Qaddafi and his followers have shielded themselves from democratic protesters with a predictable and boring rhetoric of anti-imperialism and anti-colonialism.
Libya will be occupied by the West, just as Iraq, Afghanistan and Vietnam were occupied! Colonial powers harbor nothing but jealousy of the Third World’s advancing wealth! Oil is at the root of every problem!
The rhetoric evokes the bitter experience of the Islamic world under a long period of Western colonialism. It is not surprising that the US and its allies have been branded as crusading armies bent on destroying their Muslim enemies.
Conspiracy theorists have already drawn analogies between colonialism and the recent Libya campaign. Some Indonesian politicians have promoted this rhetoric in public. Whether anyone wants to listen is a different issue.
Hidayat Nur Wahid, a senior politician of the Prosperous Justice Party (PKS), said that the goal of the current war in Libya was “to seize the nation’s oil”, adding that “European countries have suffered from an economic recession. They need new resources to revive their economy.”
It sounds like the rhetoric of Iranian president Ahmadinedjad, except in an Indonesian format. Compare Hidayat’s words with those of Ahmadinedjad on the Libyan crisis: “The Westerners have to cast aside their colonialist ambitions.”
The rhetoric of imperialism and colonialism can also be found in the case of Ahmadiyah, the minority Islamic sect that has suffered repeated harassment at the hands of Indonesian radicals.
According to the hard-liners, the European Union, the UN and US congressmen asked the Indonesian government to pay serious attention to the plight of Ahmadiyah. Many Indonesian officials, rather than heeding their warnings, fired back at perceived international pressure.
Home Minister Gamawan Fauzi, for instance, rejected demands to revoke laws that discriminate against the Islamic sect. Gamawan’s response to the US congressmen does not surprise us, as he warmly welcomed the FPI leaders’ proposal to disband the group. You can guess which faction the man sides with.
On March 23, I was invited to speak at the Religious Affairs Ministry’s dialogue and public hearing on Ahmadiyah that was held in Central Jakarta.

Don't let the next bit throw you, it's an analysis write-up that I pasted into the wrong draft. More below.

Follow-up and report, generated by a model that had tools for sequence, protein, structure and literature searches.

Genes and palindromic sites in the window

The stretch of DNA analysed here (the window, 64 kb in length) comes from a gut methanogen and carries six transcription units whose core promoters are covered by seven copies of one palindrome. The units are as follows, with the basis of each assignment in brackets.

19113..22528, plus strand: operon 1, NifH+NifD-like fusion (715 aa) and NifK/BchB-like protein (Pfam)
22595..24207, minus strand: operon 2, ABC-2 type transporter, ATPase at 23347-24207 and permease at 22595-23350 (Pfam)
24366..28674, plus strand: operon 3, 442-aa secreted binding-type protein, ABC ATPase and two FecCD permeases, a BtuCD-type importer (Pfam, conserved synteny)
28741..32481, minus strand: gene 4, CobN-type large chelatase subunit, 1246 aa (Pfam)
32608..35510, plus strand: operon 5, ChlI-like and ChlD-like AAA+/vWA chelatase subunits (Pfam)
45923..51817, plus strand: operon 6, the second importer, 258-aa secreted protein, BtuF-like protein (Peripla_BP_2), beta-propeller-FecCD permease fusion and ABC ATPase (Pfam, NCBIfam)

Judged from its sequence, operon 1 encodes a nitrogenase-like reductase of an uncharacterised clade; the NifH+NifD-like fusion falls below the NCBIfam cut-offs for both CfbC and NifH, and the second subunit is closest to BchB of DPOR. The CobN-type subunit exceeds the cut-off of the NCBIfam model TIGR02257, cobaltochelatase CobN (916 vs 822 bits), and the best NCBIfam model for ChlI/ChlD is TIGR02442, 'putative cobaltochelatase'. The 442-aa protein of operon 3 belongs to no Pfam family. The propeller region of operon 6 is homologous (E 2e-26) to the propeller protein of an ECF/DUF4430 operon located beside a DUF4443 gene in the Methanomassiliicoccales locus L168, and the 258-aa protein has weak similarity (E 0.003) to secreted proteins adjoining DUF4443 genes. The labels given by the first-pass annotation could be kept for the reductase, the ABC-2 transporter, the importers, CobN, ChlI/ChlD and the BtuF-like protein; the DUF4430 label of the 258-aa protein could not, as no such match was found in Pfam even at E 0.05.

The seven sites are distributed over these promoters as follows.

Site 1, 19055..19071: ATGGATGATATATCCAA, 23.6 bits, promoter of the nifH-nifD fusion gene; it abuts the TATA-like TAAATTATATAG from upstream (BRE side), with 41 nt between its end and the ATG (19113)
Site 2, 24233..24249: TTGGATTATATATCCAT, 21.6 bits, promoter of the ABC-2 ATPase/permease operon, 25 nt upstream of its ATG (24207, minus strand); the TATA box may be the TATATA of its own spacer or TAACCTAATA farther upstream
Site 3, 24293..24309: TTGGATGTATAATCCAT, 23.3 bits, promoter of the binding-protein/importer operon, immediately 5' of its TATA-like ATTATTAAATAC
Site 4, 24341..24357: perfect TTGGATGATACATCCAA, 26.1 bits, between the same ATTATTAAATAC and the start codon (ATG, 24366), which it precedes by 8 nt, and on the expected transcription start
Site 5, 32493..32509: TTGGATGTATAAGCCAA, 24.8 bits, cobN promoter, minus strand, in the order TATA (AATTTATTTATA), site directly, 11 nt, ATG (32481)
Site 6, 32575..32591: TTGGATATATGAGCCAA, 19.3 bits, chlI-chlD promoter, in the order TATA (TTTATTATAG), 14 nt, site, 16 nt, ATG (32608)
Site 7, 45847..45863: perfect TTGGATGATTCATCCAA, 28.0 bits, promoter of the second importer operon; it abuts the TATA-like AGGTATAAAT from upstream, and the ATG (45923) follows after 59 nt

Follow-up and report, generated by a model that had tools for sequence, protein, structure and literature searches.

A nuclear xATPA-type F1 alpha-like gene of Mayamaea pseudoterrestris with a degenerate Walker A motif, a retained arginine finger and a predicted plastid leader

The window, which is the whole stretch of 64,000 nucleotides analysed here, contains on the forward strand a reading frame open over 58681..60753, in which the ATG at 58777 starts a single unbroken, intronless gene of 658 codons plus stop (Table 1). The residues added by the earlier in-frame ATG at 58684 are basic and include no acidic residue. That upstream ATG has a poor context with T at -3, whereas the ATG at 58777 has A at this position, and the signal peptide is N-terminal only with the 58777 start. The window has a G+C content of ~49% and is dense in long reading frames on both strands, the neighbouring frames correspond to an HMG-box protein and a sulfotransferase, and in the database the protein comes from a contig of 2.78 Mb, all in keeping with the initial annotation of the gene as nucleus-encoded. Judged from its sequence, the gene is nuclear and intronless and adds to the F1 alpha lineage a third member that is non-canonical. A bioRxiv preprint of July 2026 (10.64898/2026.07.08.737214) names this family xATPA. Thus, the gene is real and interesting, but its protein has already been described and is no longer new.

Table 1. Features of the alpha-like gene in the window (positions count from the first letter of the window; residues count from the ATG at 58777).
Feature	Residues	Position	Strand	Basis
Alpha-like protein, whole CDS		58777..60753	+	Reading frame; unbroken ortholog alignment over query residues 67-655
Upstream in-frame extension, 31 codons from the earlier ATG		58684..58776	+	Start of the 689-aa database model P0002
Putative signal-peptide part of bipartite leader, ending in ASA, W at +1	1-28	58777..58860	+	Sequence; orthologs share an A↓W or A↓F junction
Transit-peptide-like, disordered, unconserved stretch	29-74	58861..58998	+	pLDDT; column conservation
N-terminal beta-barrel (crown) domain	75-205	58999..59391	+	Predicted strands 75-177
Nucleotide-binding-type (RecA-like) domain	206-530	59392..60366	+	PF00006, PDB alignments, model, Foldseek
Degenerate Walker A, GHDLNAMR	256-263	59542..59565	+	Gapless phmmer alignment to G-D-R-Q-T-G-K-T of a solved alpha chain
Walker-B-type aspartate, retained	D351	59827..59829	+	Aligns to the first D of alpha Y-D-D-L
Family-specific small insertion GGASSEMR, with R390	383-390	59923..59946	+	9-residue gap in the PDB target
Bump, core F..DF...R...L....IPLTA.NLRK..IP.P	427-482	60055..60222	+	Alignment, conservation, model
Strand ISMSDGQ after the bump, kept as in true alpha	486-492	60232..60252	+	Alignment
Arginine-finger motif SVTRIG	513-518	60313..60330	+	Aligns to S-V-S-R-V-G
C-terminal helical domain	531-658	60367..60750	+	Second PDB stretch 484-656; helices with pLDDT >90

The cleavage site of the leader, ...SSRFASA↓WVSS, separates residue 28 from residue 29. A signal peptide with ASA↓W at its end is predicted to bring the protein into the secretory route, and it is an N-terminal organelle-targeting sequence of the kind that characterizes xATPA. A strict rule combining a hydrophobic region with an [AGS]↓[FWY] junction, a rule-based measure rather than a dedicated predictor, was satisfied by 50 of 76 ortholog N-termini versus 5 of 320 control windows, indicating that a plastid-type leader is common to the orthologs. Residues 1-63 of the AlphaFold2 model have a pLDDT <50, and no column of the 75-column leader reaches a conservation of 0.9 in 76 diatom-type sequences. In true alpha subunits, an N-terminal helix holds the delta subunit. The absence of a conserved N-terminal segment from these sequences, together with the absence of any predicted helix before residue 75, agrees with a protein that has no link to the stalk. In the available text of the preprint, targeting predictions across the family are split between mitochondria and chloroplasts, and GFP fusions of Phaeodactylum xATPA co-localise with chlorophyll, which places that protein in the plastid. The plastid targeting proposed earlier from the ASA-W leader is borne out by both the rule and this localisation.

I made myself as clear as possible to other participants that the failure to protect any citizen of Indonesia means the beginning of the nation’s collapse. I reminded the audience about the domino effect. After Ahmadiyah, the Shiite, Christian minority, and liberals, Nahdlatul Ulama and Muhammadiyah — all groups that are not considered purely “Islamic” by Islamists — will be targeted by the radicals.
I realized that most of the participants disagreed with me. Before my turn to speak I listened to members of the Islam Defenders Front (FPI) — an organization whose fame lies in their radical stances and terrifying tactics — give their threatening opinions.
The Religious Affairs Ministry used to be a place where the idea of religious pluralism and other progressive concepts were incubated under the leadership of A. Mukti Ali, Alamsjah Ratuprawiranegara and Munawir Sadzali. Now the ministry has become a rendezvous for the FPI leaders.
I am afraid that Ahmadiyah will be disbanded by a more “authoritative” law, enacted after the government’s “consults” with different groups.
In fact, nobody is sure that the government listened the sound judgments conveyed by scholars and activists at the seminar. As usual, politicians placed political interests ahead of all other concerns.
Religious Affairs Minister Suryadharma Ali, who also chairs the United Development Party (PPP), revealed his true colors.
At a conference in Samarinda he urged fellow party members not to hesitate to make Islam as an ‘ideology’ (The Jakarta Post, March 27, 2011). He also denounced liberal thinking (The Jakarta Post, Feb. 23, 2011).
Indeed, at the ministry’s dialogue I heard a moderator provoke the audience when he said that the US and Western powers were meddling in the case of Ahmadiyah — a form of intervention that we must not bow down to.
This rhetoric reminds us the way Abu Bakar Ba’asyir often defends himself in the court. He has repeatedly said that he was arrested under orders from the US. The conspiracy theories then followed: the Indonesian government was a mere toy of the world superpower, the US.
I am afraid to draw some points of similarities among the opinions conveyed by Qaddafi, Ahmadinedjad, Hidayat Nur Wahid, the FPI leaders, Ba’asyir, two of the President’s current ministers and perhaps other state officials. I question to what extent radical thinking has penetrated the government.
Has this government and other political leaders already knelt down before the FPI’s leaders?
The writer is a lecturer at Sunan Kalijaga State Islamic University, Yogyakarta.